Author(s): Pramming S, Thorsteinsson B, Stigsby B, Binder C
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Abstract The relation between blood glucose concentration, the symptoms and signs of hypoglycaemia, and electroencephalographic changes in diabetic patients is not known. The effect of hypoglycaemia on brain function was studied in 13 patients with insulin dependent diabetes. During a gradual fall in blood glucose concentration induced by a bolus injection of insulin followed by an intravenous infusion of insulin, during 60 minutes of biochemical hypoglycaemia, and after restoration of normoglycaemia with intravenous glucose electroencephalograms were evaluated continuously by period-amplitude analysis; blood samples were taken every 10 minutes throughout. No changes were seen in electroencephalograms when the blood glucose concentration was above 3 mmol/l. At a median blood glucose concentration of 2.0 (95\% confidence interval 1.7 to 2.3) mmol/l alpha activity decreased abruptly in the electroencephalograms concomitant with an increase in theta activity, reflecting neuronal dysfunction in the cortex. When the blood glucose concentration was further lowered changes were observed in the electroencephalograms indicating that deeper brain structures were affected. A normal electroencephalogram was re-established at a blood glucose concentration of 2.0 (1.8 to 2.1) mmol/l. There was no significant correlation between the blood glucose concentration at the onset of changes in the electroencephalograms and age, duration of diabetes, insulin dose, haemoglobin A1c concentration, initial blood glucose concentration, rate of fall in blood glucose concentration, and appearance of symptoms and signs of hypoglycaemia. Changes in electroencephalograms during hypoglycaemia appear and disappear at such a narrow range of blood glucose concentrations that the term threshold blood glucose concentration for the onset of such changes seems justified.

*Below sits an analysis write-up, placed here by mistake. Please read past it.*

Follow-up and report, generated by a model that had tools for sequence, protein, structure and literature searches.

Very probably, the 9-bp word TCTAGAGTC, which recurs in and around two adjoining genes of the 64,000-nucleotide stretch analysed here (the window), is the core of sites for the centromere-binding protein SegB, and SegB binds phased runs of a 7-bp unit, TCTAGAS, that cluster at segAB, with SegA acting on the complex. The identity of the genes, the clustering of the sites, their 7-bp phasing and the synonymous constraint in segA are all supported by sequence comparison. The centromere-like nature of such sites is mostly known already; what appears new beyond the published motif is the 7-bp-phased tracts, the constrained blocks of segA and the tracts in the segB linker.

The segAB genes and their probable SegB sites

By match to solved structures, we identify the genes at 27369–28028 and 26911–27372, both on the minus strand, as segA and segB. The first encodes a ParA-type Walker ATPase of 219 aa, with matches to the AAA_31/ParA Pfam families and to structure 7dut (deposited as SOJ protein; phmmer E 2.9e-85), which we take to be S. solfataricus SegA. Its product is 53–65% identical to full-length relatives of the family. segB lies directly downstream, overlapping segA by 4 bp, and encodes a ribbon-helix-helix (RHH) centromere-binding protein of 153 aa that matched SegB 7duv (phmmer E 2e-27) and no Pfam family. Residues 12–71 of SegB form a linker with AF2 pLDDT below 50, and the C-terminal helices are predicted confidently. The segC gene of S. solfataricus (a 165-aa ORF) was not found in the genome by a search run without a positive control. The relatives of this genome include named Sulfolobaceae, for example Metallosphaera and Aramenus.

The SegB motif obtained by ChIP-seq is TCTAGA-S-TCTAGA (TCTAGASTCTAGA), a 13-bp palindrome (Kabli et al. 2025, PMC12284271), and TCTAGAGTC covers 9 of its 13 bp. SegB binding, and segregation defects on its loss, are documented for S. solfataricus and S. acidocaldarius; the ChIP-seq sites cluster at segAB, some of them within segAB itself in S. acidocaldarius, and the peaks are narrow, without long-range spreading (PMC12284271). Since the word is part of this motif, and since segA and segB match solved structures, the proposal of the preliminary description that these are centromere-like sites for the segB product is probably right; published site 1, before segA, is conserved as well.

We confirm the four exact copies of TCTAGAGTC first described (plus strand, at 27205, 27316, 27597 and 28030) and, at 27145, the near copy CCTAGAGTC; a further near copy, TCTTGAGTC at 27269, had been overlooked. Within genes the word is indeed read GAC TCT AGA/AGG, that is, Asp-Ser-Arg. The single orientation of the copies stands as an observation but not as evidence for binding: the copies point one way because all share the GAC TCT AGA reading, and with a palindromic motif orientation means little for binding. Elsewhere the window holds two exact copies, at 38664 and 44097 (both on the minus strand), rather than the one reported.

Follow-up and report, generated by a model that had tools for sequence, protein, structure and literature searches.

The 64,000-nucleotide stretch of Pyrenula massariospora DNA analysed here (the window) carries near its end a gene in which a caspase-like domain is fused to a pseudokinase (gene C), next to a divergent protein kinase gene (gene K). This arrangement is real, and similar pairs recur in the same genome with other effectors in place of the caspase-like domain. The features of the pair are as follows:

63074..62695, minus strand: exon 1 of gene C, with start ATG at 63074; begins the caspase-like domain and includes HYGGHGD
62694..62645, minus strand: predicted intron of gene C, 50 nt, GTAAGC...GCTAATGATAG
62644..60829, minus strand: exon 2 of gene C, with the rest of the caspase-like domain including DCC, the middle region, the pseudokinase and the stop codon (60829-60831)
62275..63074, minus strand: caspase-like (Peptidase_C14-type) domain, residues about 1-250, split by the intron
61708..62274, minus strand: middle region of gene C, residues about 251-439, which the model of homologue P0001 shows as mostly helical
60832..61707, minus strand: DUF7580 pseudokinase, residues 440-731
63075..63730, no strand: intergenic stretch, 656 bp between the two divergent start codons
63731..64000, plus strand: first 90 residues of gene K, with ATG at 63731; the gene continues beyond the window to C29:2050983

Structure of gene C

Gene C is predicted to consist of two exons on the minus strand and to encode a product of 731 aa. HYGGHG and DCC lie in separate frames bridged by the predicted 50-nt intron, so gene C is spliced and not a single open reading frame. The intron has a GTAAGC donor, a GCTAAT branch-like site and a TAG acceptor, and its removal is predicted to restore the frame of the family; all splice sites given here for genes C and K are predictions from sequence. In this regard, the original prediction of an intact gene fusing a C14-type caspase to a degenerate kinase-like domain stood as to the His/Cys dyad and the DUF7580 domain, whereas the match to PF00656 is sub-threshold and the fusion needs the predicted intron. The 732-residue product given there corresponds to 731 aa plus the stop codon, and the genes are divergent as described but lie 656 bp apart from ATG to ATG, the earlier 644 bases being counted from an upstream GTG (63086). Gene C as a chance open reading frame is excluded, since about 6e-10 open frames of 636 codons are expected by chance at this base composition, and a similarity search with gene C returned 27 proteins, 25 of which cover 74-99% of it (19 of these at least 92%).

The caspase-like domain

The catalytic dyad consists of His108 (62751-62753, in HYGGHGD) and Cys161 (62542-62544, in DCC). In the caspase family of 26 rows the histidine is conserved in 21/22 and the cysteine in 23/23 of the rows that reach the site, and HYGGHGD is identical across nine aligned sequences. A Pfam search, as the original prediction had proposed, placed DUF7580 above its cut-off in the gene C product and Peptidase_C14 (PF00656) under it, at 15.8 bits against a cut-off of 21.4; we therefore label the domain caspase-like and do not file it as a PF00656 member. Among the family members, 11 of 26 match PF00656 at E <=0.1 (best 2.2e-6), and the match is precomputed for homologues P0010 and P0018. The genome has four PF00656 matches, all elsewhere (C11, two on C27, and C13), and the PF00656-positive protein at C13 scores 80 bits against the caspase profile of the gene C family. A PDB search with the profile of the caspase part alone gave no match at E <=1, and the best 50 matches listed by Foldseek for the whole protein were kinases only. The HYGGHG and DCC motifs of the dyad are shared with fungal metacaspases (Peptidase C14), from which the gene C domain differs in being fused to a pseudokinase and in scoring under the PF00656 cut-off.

This article was published in Br Med J (Clin Res Ed)
and referenced in Journal of Diabetes & Metabolism